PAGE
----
Natural predators are a vital part of every healthy ecosystem. Without them, other wildlife become weak and sick and the overall ecology becomes unhealthy and out of balance.
No matter how many times Paul Reynolds propagandizes (“A lesson to be learned in Lolo,” Sun Journal, Jan. 29) about the supposed evils of wolves, coyotes and other natural predators he so desperately wants his readers to demonize and hate, alongside him and his misguided cohorts, the actual truth will come out.
The days of unopposed demonization and abuse of Maine’s and America’s wildlife are over.
In his latest wildlife propaganda piece, Reynolds states that wolves and only wolves have greatly reduced the population of elk in a particular region of Idaho called Lolo.
What he conveniently neglected to share is that the elk population began declining in Lolo many years before wolves had even returned there. He also did not report that in 23 of 29 wildlife management zones in Idaho, elk populations meet or exceed Idaho’s own elk population targets. Approximately 103,000 elk roam Idaho, thriving amidst hundreds (not thousands) of wolves. There are plenty of elk in Idaho for wolves and humans.
Anyone can find this information by visiting the websites of the Idaho Department of Fish and Game, and an independent group called the Rocky Mountain Elk Foundation.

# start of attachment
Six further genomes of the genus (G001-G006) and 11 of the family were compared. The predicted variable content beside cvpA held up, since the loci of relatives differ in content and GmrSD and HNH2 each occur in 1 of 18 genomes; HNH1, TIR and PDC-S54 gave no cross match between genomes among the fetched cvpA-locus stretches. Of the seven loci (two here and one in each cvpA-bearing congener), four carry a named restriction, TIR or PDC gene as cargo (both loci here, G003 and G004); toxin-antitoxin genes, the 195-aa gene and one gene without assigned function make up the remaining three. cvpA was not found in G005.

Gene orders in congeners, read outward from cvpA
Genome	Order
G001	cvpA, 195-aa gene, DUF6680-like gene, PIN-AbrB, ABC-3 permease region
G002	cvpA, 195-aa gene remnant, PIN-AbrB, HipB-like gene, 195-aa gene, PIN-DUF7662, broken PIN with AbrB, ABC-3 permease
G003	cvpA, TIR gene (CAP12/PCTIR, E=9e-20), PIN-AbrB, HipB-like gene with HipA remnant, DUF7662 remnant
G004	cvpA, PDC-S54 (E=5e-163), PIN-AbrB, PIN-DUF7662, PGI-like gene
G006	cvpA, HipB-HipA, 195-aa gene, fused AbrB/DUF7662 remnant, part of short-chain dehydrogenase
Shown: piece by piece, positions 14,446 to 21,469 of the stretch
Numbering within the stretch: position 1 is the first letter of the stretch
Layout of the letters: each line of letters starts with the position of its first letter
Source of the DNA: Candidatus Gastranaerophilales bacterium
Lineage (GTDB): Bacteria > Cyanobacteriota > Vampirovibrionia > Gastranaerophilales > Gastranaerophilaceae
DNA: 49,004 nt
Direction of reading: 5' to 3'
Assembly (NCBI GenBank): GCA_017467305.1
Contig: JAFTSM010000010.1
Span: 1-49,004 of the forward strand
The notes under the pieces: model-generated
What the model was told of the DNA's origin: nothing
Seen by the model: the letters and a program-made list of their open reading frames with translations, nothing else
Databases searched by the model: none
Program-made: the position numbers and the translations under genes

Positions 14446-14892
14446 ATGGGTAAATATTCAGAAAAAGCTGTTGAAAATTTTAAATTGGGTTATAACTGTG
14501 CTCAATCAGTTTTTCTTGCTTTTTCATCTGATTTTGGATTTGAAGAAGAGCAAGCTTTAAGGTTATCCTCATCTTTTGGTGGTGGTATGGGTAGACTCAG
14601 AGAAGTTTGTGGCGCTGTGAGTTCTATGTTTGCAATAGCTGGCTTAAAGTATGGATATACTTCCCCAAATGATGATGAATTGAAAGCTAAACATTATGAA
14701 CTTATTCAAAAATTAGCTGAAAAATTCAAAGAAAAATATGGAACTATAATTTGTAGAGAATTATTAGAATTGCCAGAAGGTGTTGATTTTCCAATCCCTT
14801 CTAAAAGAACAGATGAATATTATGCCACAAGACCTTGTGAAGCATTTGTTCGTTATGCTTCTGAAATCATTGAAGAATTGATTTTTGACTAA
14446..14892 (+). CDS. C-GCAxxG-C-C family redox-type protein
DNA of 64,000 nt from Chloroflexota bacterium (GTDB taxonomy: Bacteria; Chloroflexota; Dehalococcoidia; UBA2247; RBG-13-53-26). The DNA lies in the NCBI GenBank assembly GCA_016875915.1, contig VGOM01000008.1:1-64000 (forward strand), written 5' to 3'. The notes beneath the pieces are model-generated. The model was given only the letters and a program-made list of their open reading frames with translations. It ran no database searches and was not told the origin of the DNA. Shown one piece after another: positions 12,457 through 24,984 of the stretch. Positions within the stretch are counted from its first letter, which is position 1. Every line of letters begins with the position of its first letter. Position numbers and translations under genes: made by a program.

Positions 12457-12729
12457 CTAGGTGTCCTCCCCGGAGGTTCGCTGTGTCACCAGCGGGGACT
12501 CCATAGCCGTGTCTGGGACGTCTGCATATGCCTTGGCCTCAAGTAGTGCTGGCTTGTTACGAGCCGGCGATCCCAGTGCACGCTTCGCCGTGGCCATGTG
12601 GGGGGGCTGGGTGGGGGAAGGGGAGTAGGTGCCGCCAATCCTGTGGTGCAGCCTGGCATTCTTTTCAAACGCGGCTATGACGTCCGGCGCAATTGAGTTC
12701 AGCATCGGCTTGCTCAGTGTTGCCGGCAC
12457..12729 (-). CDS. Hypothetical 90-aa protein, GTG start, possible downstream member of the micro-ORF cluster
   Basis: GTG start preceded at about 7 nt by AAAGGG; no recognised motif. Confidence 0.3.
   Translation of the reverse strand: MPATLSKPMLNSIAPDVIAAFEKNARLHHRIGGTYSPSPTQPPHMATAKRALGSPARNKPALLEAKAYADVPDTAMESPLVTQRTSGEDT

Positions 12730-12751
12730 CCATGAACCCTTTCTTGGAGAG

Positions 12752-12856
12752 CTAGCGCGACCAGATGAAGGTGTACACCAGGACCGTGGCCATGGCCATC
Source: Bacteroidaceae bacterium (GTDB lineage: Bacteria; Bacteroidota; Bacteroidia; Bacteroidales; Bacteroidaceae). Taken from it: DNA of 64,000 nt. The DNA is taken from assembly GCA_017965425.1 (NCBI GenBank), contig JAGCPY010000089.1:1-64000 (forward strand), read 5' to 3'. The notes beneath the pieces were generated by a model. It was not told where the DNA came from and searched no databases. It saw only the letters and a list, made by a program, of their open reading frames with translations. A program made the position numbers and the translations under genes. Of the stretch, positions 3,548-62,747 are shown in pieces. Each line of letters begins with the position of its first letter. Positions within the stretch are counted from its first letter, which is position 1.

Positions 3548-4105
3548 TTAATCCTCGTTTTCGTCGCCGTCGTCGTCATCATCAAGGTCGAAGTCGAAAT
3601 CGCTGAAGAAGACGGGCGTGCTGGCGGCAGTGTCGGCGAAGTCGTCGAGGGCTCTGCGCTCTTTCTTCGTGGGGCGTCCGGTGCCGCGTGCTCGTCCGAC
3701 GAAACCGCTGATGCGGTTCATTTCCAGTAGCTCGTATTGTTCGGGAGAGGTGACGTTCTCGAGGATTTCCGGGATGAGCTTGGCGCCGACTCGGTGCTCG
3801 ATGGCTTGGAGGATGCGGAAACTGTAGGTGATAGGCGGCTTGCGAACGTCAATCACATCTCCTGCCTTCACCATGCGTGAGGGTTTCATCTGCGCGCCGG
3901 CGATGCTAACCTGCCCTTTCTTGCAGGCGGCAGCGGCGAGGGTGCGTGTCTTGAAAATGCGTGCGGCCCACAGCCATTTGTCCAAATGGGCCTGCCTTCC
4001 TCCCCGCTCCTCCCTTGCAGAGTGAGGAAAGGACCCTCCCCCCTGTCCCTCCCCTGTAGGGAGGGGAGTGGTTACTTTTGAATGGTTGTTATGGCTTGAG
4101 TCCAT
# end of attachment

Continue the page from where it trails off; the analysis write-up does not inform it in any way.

No one should rely on natural predator-hating zealots for accurate information about ecology.
When the rise and fall of deer and elk populations are honestly assessed, it always seems to come down to destruction or disturbance of vital wildlife habitat, weather, disease and over-hunting by humans. Objective wildlife biologists, including the state and federal biologists I’ve spoken with recently, do not pin “the blame” on natural predation. They accept natural predation as a vital part of every healthy ecosystem, just as most reasonable, informed and honest people do.
Which brings us to Maine. Paul Reynolds wants Mainers to join him in the coyote demonization campaign he and others are pushing here. No matter what the actual science reveals about the devastating loss of vital deer wintering habitat to clear-cutting and human greed, the related mortality of Maine’s northernmost deer population due to recent harsh winters, the lack of publicly owned and protected lands in this state — as safe havens for deer to reproduce and thrive — the coyote demonizers continue to clamor and scream for killing coyotes as their twisted solution to deer heaven here in Maine.
They are either willfully misinformed or dishonest with the facts.
Dishonesty, demonization and disrespect toward natural predators makes for immoral, wrong-headed and unhealthy wildlife policy.
Maine’s wildlife and wild lands deserve better than that, as do the good people of this state.
Robert Goldman, South Portland